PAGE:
Thursday, March 22, 2012

Deool aka The Temple [dir. Umesh Kulkarni]

On the whole I did like Deool a good deal more than Umesh Kulkarni's previous effort Valu – The Wild Bull. The comparison is apt because Deool can be seen as almost a follow-up to Valu. It is set in a similar sleepy hamlet where again, an unusual event cascades into a series of actions and consequences. Here the local simpleton Keshav (Girish Kulkarni, who bagged a well-deserved National Award for his role) while resting under a tree, believes that he has had a sighting of Dutta aka Shiva, and dashes through the village announcing it to all and sundry. But not everyone is happy with the news: Social worker Anna (Dilip Prabhavalkar) is a rationalist and the local politician Bhau (Nana Patekar) has been ordered by his higher-ups to convey “Madam's” message of development (no prizes for guessing which party is being referred to). They try to play down the event but the superstitions of the local populace, including Bhau's wife (Sonali Kulkarni, looking more attractive in her plump homely avatar) and the machinations of Bhau's nephew who sees the building of a temple as his way to breaking out of Bhau's stranglehold, take matters all out of proportion.
Like with Valu, the rural setting has been realized very well, and in its way the film raises some pertinent issues about the line between development and commercialism. The building of the temple brings piped water and electricity and prosperity to the village, but renders it a tourist-happy stop that the locals labor to feed off while their fields lie uncultivated. Keshav's faith in his sighting is genuine and he too is initially pleased at the striking changes that Dutta has brought to his erstwhile ignored hamlet, but grows gradually disillusioned at the commercialization of devotion that his neighbors and friends have gotten into in the aftermath of building the temple – It's a shrill but meaningful point that most of them have cut down their actual visits to the deity's sanctum because they're too busy profiting off the faith of visiting pilgrims. It's not absolutely bleak and biting like Billy Wilder's Ace in The Hole, though, and the people behind the temple are not unduly demonized. In a wonderful scene that comes midway into the film, Bhau and Anna have a debate over the legitimacy of the events that have occurred in the wake of the temple and the effect it will have on the place and the people. There is no absolute right or wrong here, and appreciation must be given to the script and the mature performances of the two seasoned actors for walking this fine line.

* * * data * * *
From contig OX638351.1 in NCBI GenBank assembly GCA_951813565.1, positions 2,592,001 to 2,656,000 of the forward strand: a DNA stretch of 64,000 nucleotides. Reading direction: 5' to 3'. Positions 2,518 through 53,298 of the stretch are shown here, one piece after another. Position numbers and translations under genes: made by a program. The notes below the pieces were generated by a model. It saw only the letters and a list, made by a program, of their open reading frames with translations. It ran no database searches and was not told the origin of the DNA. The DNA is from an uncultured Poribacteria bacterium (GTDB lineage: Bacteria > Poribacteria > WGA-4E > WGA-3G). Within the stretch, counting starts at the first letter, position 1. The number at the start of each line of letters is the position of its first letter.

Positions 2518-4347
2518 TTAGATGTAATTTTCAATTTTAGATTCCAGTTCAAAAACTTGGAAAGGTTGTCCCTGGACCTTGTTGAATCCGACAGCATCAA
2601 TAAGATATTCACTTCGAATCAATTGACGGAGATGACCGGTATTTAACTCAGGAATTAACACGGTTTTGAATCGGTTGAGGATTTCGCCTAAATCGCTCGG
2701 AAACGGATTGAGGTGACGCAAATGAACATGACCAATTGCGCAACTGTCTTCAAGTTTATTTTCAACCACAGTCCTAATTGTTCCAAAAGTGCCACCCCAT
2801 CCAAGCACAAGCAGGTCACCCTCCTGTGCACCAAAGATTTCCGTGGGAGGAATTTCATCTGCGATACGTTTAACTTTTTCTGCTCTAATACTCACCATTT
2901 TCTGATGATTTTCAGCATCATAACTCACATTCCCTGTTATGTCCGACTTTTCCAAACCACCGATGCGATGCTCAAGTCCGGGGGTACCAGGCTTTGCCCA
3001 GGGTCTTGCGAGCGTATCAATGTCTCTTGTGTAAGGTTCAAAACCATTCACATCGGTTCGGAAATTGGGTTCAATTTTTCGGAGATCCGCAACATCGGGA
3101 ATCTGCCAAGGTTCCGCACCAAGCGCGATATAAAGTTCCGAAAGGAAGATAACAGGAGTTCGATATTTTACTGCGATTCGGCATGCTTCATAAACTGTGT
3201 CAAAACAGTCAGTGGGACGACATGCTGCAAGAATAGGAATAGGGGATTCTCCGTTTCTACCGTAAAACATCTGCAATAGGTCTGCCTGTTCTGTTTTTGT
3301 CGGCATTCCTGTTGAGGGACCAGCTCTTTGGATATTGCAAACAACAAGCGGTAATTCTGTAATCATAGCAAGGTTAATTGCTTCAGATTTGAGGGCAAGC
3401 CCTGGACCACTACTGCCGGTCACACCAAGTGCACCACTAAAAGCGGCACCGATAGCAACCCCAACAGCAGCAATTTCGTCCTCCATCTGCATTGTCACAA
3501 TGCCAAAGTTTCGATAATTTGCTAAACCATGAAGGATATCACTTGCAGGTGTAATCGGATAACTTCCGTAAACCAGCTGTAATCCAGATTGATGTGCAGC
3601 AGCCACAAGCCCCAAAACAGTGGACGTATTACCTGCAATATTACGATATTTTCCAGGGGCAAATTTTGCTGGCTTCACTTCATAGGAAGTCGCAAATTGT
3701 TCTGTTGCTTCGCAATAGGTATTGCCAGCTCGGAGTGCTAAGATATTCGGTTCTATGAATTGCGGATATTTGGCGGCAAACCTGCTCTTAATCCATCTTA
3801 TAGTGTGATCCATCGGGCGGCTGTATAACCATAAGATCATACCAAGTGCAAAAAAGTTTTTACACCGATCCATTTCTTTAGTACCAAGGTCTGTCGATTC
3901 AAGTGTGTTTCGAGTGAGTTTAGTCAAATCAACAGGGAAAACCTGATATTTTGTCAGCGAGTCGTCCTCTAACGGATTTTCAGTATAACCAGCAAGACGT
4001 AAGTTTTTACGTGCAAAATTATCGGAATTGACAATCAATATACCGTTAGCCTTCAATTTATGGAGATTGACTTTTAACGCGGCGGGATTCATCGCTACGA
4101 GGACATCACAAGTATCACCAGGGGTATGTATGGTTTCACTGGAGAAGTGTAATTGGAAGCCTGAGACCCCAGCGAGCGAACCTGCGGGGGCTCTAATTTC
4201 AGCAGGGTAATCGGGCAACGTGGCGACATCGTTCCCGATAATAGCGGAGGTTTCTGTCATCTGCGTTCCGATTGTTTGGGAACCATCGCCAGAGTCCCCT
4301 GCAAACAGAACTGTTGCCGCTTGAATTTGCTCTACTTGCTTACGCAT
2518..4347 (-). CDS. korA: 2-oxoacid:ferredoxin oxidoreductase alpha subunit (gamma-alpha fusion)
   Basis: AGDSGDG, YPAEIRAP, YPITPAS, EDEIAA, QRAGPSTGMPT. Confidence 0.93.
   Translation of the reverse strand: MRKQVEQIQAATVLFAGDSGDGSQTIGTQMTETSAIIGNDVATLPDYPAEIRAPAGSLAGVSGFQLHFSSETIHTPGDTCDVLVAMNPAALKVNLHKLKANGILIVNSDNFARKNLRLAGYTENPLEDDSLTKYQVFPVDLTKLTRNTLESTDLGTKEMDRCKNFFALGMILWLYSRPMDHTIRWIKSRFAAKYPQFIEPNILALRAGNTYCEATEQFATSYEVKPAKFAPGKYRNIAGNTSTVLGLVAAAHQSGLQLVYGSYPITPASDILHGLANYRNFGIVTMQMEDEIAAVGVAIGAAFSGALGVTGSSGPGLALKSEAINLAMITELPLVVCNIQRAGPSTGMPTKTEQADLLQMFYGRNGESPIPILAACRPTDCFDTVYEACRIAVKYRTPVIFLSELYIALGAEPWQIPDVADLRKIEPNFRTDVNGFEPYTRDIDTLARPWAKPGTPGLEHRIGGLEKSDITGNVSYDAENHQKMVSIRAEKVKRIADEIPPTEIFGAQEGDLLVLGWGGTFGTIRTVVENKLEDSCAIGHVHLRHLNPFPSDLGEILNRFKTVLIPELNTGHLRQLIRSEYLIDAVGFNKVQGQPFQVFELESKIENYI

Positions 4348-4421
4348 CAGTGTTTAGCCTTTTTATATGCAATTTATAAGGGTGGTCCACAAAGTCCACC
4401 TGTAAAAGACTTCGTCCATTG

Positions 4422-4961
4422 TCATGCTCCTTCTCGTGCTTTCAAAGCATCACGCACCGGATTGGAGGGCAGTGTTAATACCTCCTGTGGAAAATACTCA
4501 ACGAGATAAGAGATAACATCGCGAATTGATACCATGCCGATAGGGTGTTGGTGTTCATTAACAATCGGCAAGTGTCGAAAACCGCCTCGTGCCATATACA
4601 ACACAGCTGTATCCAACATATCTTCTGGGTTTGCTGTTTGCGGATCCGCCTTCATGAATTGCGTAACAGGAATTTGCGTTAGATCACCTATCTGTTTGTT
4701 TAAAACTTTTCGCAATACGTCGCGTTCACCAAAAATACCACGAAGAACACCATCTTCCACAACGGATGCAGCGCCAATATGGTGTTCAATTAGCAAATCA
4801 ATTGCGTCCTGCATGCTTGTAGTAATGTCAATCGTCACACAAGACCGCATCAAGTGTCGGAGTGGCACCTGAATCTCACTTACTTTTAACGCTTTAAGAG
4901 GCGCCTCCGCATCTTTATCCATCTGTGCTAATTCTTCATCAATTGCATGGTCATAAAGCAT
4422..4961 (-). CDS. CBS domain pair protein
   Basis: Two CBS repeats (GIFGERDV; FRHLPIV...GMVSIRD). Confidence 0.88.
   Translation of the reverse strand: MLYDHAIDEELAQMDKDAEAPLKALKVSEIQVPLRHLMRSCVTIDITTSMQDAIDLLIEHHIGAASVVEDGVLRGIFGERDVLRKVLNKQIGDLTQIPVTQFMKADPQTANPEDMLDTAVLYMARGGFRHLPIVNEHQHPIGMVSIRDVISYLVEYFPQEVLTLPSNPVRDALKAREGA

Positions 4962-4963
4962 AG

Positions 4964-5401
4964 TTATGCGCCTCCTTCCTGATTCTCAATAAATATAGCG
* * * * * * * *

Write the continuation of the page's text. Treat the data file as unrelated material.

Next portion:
What keeps me from unreservedly singing this film's praises is its very meandering style, something that I had a greater problem with in Valu. I grant that there is a certain sense to depicting rural life with a slowed down rhythm, but at 2 ½ hours the film gets tedious, has some uneven tonal changes and is not especially richer for it; in fact the impact is diluted by repetition and pointless excursions into too many territories. A good story is one that carefully selects its themes and threads, and does not try to jam in every single idea the writers thought of. There are some more obvious clunkers like a disconnected item song, an ironic addition for a film that talks about exploitative commercialization. But the film is still to be appreciated for its mostly sincere telling of an interesting original story. Here's hoping for more and better from these guys.

P.S. The opening credits sequence featuring "sand paintings" is one of the most charming and creative sequences I have seen. Budding artists will love this.

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